Nonbuilding structures are self-supporting structures other than buildings that carry gravity loads and resist the effects of earthquakes. The concept of providing specific seismic design requirements for nonbuilding structures was first introduced into the model codes in the 1988 Nonbuilding structure not similar to a building. Uniform Building Code. The most current seismic design requirements for nonbuilding structures are given in ASCE 7-05 Chapter 15. buildings and very large generators and turbines. AlThere are two types of nonbuilding structures. One though somewhat arbitrary, our basis for selecting 10 type has a structural system similar to buildings, and the feet in height is twofold: (1) it represents a story height other type has a structural system that is not similar to which will allow installation within a building, and (2) buildings. This article pertains to nonbuilding structures the weight of a component that height or less is likely which are not similar to buildings and focuses on the to be small relative to the weight of the supporting determination of when the design rules of ASCE 7-05 structure. Chapter 15 or ASCE 7-05 Chapter 13 apply. Another way to differentiate between nonstructural Figure 1 provides a visual illustration that shows: components and nonbuilding structures is whether they · items which should be treated as nonstructural comare factory assembled or field erected. Nonstructural ponents, components are typically factory assembled: transported · items which should be treated as nonbuilding structo the jobsite in one piece and requiring no assembling. tures and There obviously are many nonstructural components that · items which appear to be ambiguous because they are are assembled on the site, such as ceilings; partition permitted to be treated either way. walls; exterior curtain walls; exterior siding; masonry Note that most, if not all, nonbuilding structures supveneer; cable trays; piping systems; ductwork; large, port attached nonstructural components of some type. roof-mounted roof handlers; elevators; etc. Fortunately, One item of interest not shown is skid-mounted equipthere is no question that these should be treated as nonment modules (to be addressed later.) structural components and that the design criteria of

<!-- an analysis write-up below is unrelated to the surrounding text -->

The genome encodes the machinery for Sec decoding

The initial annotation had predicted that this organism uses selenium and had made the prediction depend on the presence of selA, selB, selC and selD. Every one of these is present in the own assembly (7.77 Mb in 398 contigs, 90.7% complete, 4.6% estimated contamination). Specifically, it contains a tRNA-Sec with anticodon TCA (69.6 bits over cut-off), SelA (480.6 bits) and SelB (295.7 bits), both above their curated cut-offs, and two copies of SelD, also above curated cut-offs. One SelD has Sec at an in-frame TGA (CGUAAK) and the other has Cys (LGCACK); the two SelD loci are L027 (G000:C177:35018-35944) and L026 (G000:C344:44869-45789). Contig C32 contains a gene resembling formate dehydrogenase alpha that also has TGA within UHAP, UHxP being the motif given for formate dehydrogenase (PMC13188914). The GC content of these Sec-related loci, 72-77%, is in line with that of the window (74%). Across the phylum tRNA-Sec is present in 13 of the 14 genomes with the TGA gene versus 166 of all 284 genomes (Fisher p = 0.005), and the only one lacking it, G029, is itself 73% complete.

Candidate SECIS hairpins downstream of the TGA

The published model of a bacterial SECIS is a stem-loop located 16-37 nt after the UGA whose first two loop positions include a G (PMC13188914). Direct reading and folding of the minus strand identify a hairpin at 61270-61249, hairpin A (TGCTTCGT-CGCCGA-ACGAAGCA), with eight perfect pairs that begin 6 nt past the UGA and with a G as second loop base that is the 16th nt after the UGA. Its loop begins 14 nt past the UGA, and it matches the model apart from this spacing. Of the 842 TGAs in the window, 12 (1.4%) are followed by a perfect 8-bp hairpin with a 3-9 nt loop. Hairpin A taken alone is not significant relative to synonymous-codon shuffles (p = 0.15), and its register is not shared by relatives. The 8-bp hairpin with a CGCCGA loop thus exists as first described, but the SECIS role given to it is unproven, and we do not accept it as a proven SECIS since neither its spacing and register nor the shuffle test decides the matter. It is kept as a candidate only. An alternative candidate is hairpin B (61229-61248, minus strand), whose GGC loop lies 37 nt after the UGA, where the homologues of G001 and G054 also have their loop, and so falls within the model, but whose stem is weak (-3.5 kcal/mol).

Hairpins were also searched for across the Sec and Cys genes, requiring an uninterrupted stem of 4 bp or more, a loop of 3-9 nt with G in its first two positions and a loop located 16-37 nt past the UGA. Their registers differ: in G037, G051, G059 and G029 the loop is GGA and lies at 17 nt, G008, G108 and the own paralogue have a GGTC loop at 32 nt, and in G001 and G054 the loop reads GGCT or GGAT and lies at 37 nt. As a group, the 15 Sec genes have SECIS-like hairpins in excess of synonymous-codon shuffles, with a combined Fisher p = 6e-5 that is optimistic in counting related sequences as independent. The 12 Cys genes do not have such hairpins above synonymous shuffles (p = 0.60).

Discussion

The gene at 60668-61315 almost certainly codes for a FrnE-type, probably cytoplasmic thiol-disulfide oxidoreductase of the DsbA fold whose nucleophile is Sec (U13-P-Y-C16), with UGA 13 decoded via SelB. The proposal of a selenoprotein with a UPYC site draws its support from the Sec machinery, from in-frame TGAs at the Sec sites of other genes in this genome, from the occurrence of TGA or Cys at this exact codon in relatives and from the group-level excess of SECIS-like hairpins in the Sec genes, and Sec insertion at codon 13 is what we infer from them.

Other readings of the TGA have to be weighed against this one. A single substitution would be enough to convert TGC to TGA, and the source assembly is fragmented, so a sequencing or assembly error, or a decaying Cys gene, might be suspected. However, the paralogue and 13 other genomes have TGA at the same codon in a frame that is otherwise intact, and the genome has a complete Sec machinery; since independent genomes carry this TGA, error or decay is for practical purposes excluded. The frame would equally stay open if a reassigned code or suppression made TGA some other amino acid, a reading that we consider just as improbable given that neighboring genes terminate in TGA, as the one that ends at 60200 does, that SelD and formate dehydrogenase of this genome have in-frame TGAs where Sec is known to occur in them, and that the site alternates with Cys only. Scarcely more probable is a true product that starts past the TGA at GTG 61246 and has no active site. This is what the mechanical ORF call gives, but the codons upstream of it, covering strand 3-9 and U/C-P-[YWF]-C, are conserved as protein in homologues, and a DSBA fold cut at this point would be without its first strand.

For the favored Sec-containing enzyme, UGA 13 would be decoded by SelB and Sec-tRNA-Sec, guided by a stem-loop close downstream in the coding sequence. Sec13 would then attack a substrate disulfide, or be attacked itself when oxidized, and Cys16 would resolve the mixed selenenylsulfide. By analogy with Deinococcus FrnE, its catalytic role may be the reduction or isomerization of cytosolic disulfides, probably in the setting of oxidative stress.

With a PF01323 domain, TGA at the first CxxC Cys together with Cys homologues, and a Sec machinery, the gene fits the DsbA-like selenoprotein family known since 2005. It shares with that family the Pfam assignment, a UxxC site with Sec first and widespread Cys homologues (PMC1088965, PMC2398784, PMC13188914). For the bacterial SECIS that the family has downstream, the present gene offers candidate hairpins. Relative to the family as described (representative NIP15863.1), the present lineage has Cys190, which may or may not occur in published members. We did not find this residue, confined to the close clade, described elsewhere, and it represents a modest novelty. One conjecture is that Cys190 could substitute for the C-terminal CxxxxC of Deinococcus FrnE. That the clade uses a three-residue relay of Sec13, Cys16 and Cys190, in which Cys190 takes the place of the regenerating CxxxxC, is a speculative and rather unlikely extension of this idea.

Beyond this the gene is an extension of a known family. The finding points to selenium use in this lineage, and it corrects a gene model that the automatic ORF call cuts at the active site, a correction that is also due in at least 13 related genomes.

Differentiating between Nonstructural Components and Nonbuilding Structures